Unexpected Consequences of Christian Missionary
Encounters in the Middle East, Africa, and South Asia
Edited by Heather J. Sharkey
"Uncovers important social and political ‘unexpected consequences’
that continue to ripple forward to this day."—David D. Grafton, Lutheran Theological Seminary at Philadelphia
Heather J. Sharkey is associate professor of Middle Eastern and Islamic
Studies at the University of Pennsylvania. She is the author of Living with
Colonialism and American Evangelicals in Egypt.
Book Description »[Hide »]
The essays in this volume study cultural conversions that arose
from missionary activities in the Middle East, Africa, and South
Asia during the nineteenth and twentieth centuries. Both Catholic
and Protestant missionaries effected changes that often went
beyond what they had intended, sometimes backfiring against
the missions. These changes entailed wrenching political struggles
to redefine families, communities, and lines of authority.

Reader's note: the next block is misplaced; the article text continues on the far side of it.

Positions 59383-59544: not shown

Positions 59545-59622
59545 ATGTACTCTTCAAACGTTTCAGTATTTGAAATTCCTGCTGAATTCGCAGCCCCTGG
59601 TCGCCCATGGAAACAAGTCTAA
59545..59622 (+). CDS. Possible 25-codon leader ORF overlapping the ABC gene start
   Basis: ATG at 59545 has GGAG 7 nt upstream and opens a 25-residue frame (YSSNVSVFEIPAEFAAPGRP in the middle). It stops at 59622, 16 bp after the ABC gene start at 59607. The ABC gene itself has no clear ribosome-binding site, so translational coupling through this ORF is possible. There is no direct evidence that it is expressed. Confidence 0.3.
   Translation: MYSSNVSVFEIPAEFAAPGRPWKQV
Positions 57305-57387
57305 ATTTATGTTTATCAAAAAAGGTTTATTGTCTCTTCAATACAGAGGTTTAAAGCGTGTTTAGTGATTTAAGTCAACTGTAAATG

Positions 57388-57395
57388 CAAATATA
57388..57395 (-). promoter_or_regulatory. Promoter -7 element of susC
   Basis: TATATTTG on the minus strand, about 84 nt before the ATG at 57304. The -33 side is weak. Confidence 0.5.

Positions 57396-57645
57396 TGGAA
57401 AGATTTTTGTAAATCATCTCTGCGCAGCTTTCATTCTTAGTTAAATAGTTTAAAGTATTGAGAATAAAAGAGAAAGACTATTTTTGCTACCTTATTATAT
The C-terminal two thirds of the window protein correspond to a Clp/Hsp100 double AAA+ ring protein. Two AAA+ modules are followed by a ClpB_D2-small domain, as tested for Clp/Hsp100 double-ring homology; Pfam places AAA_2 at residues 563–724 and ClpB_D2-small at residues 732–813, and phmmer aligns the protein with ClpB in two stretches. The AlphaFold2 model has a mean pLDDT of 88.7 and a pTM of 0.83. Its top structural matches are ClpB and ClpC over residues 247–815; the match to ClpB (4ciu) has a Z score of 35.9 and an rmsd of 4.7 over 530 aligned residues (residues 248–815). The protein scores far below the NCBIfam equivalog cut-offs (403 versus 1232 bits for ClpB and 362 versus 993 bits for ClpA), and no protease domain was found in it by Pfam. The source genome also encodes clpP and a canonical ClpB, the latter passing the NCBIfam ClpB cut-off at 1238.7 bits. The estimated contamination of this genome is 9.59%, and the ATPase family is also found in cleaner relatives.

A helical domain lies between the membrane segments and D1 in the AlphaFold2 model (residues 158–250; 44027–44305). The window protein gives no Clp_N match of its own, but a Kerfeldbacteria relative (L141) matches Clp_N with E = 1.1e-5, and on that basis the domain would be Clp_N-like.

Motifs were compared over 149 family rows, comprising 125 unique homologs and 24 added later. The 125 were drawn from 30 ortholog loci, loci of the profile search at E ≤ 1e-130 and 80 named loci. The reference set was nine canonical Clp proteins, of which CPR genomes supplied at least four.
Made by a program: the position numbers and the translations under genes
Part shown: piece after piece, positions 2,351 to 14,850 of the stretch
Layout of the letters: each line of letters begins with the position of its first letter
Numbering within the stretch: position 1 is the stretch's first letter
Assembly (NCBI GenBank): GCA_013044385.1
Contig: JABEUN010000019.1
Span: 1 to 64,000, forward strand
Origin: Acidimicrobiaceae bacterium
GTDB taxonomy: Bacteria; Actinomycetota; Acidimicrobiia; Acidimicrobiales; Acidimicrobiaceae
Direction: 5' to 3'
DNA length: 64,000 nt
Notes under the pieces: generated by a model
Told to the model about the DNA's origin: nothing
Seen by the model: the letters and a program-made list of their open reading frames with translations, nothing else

This volume’s contributors examine the meanings of "conversion"
for individuals and communities in light of loyalties and
cultural traditions, and consider how conversion, as a process,
was often ambiguous. The history of Christian missions emerges
from these pages as an integral part of world history that
has stretched beyond professing Christians to affect the lives
of peoples who have consciously rejected or remained largely
unaware of missionary appeals.
Table of Contents »[Hide »]
Part One: Christian Contestations
Part Two: Missionaries, Antimissionaries, and Doubters
Part Three: Missionaries, Language, and National Expression
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